Bow Power.  In the top-left corner, there is a green slider you can click in to change the bow power from 1-99.  This isn’t mapped to any real world settings like limb poundage or arrow weight.  It generically means “arrow leaves the bow going slow/med/fast”.  1 is crazy slow. 99 is a railgun rifle.  70 acts like a tournament compound.  45 acts a bit like a tournament recurve bow.

Sight Bar extension distance.  In the top-left is a grey/gray slider you can click to change the sight bar extension distance from -50 to +50.  Only -25 to +25 are reasonable distances.  Beyond that is too extreme for real archery, but it can be useful to see why certain concepts happen.  Setting this to zero puts it exactly on the bow itself.

That’s it.  Nothing else you do will change it.  Well, I suppose it matters what size you make the web browser window.  Some parts try to adjust to the web page size.  Some parts don’t.  I wrote it using half a laptop screen, or the whole laptop screen.  Other sizes may break things.  Sorry.

Why to use it?

There are three main insights that you can see from this demonstrator:

  1. Higher bow power flattens out the path of the arrow.  And lower bow power causes the arrow path to arc higher.
  2. The further the bow sight is away from the archer, the narrower the range of distances is that the sight will have a valid setting for.  Pulling the sight closer to the archer will let the sight work on a wider range of distances.  Try some sight bar settings for close/medium/far, and try moving the target close and far.  The sight runs out of room much earlier when it’s far in front of the bow.  (This is easiest to see with a lower poundage bow — around 30)
  3. (This one is subtle).  Most of the time, the arrow path will cross the line-of-sight.  (Ideally, they -always- intersect at the target…).  But when the bow is medium-strong or higher, and the target is very close, the arrow path will not cross the eye line.  When the target is closer than this “crossover point”, the setting on the sight necessary to hit the target will correlate in an opposite way to the way it correlates when the target is beyond the crossover point.  Usually, for a longer distance shot, the sight aperture needs to be lower.  But when the bow is closer than this crossover point, the opposite happens — the aperture needs to be lower for a shorter distance.  This is due to a number of factors, but it is critical to be aware of for the tournament formats that include very short distance shots.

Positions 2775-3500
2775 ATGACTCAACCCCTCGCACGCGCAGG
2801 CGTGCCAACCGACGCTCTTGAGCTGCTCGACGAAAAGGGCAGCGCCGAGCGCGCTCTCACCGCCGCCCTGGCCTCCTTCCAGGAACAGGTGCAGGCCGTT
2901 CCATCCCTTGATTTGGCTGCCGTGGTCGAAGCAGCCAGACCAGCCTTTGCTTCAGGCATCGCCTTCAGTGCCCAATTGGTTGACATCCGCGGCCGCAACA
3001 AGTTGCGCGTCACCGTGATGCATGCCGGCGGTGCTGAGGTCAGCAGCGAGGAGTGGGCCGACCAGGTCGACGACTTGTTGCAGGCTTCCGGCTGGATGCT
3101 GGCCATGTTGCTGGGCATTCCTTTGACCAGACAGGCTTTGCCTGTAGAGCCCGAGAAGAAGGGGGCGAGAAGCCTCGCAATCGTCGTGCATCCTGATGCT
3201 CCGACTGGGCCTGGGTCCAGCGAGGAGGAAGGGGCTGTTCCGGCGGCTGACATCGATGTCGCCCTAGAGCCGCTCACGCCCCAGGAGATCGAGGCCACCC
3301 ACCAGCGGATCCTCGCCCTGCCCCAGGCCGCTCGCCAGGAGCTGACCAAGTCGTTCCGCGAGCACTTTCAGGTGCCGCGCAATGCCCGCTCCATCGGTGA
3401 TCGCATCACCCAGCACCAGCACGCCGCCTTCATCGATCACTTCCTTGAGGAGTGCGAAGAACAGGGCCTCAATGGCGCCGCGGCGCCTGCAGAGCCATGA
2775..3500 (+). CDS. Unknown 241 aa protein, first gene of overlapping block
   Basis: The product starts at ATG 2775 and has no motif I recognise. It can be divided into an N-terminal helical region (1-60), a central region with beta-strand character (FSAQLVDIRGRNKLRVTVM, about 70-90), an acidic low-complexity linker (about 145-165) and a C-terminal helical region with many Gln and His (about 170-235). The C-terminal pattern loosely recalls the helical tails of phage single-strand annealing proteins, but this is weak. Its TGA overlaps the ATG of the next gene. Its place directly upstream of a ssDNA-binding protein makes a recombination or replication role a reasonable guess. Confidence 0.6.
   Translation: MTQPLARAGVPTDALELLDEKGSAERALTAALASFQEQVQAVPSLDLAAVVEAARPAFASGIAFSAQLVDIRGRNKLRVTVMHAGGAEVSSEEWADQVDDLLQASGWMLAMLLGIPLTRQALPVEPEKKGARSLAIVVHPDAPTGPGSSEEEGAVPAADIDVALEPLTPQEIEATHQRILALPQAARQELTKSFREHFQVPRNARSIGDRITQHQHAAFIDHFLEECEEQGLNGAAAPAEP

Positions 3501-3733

To see this, set the bow power to 75 and the sight bar to 25.  Then move the target from the right side of the window to the left side, while keeping the elevation of the target as consistent as you can (it works well with the target at eye level or waist level).  You will see the giant aperture on the lower left move up to around “B” on the sight scale, then move back down the scale again.  If you look at the red and blue lines, you will see the real crossover point, where the red arc only touches the blue line, but doesn’t cross it anymore.
    (For low-poundage bows, this crossover point is very close (a few inches), so it’s never going to affect the archer.  )